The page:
Dugué’s career stretches over 30 years, starting as in-house counsel for Banque Nationale de Paris in 1983, later working for Banque Indosuez. He joined Shearman & Sterling as an associate in 1990, becoming European counsel in 1997 and a partner the following year.
He met Kirtley in 2004 when the latter joined Shearman as an associate after a stint as legal consultant for the prosecution in the UN International Criminal Tribunal for Rwanda.
Dugué went on to work at Mayer Brown in 2008 for 18 months before setting up an independent practice, until he joined Lizop Associés in October of last year. Kirtley moved to legacy firm Salans in 2007 until he joined Lazareff Le Bars in April 2012.
The partners both intend to practice both as counsel and as arbitrators, and say that avoiding conflicts of interest was an important factor in their decision to set up an independent practice.
In addition, Dugué says “modern technology“ has reduced the need for the resources of a larger firm. “Size simply becomes less of an issue. There is less need for [a law firm to have] foreign offices, and it is reasonably easy to scale up the size of each team and to add language capacities or legal expertise as necessary on a case-by-case basis.”
He adds that the new firm will be able to offer different cost structures, even as it offers “nearly identical services to those that we previously provided”.
Dugué is listed as an arbitrator with the ICC and the Association Française d’Arbitrage (AFA). As an ICC arbitrator, his cases have included a dispute over the termination of a construction contract between two North African companies; and a share purchase dispute concerning an oil and gas drilling project in North Africa. He has also chaired a tribunal in an ad hoc arbitration between two European companies regarding the termination of distributorship agreements in Scandinavia.
Kirtley is also listed as an arbitrator with the ICC, and his career has included acting for a regional government of a southern African region in its bid for independence. He suggests that the move to a boutique practice will allow him greater freedom to take on “unique clients” that a larger firm would not accept.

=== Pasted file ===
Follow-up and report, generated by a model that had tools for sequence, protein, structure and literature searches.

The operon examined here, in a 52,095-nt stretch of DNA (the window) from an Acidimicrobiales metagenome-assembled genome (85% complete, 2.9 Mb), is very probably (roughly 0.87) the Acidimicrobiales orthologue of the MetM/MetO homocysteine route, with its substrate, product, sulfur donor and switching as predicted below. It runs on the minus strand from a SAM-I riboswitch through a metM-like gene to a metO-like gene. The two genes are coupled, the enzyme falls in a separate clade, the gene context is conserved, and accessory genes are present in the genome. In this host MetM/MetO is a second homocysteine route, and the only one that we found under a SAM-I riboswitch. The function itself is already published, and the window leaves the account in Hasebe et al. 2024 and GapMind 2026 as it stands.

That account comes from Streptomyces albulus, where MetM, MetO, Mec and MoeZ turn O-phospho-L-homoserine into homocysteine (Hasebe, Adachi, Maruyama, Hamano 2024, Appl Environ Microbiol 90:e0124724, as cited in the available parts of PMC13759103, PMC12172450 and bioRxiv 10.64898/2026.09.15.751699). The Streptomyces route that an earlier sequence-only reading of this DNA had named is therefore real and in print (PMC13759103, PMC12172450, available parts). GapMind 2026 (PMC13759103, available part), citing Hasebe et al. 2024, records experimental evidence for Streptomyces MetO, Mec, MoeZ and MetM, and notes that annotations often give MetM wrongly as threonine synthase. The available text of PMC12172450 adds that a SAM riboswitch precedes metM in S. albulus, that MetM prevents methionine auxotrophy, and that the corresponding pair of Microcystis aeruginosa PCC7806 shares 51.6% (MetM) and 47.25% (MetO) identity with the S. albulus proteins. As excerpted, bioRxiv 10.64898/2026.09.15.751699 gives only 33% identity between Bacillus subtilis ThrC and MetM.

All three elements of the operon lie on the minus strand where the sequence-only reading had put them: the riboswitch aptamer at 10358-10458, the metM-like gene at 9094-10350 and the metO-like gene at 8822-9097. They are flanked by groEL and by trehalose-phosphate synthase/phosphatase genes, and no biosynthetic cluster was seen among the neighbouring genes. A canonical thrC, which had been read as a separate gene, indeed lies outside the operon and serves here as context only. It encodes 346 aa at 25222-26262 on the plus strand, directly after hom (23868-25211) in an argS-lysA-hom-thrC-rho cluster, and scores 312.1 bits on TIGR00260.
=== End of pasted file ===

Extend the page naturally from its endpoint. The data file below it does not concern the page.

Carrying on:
At Lazareff Le Bars, he has advised on investment arbitration matters and a large number of ICC cases relating to construction, chemical patents, oil and gas, and energy plant developments. He has also appeared in AFA and ad hoc proceedings.
He says, “I left Lazareff Le Bars on very good terms and hope to continue working with my many good friends there for many years.” He adds that his experience at the firm led him to prefer the boutique model, which allows for the provision of legal services to meritorious clients “who simply could not afford representation by large corporate firms.”
Kirtley says that along with more traditional North American and European clients, he hopes to spend a considerable amount of his time working with clients in the developing world and former Soviet Union.
Kirtley says, “I am thrilled to be working with such an excellent lawyer as Christophe once again, who is one of the best and brightest lawyers I have known over the past decade of practising international arbitration and whose advice I value dearly. I do think that we are highly complementary, and I am greatly looking forward to this.”
Dugué adds, “I know William to be a highly competent and very driven practitioner who clients trust and enjoy working with. We think that our combination of ‘Anglo-Saxon’ and French culture will be highly complementary, allowing us to work at the highest level on international arbitration cases both in the French and English languages.”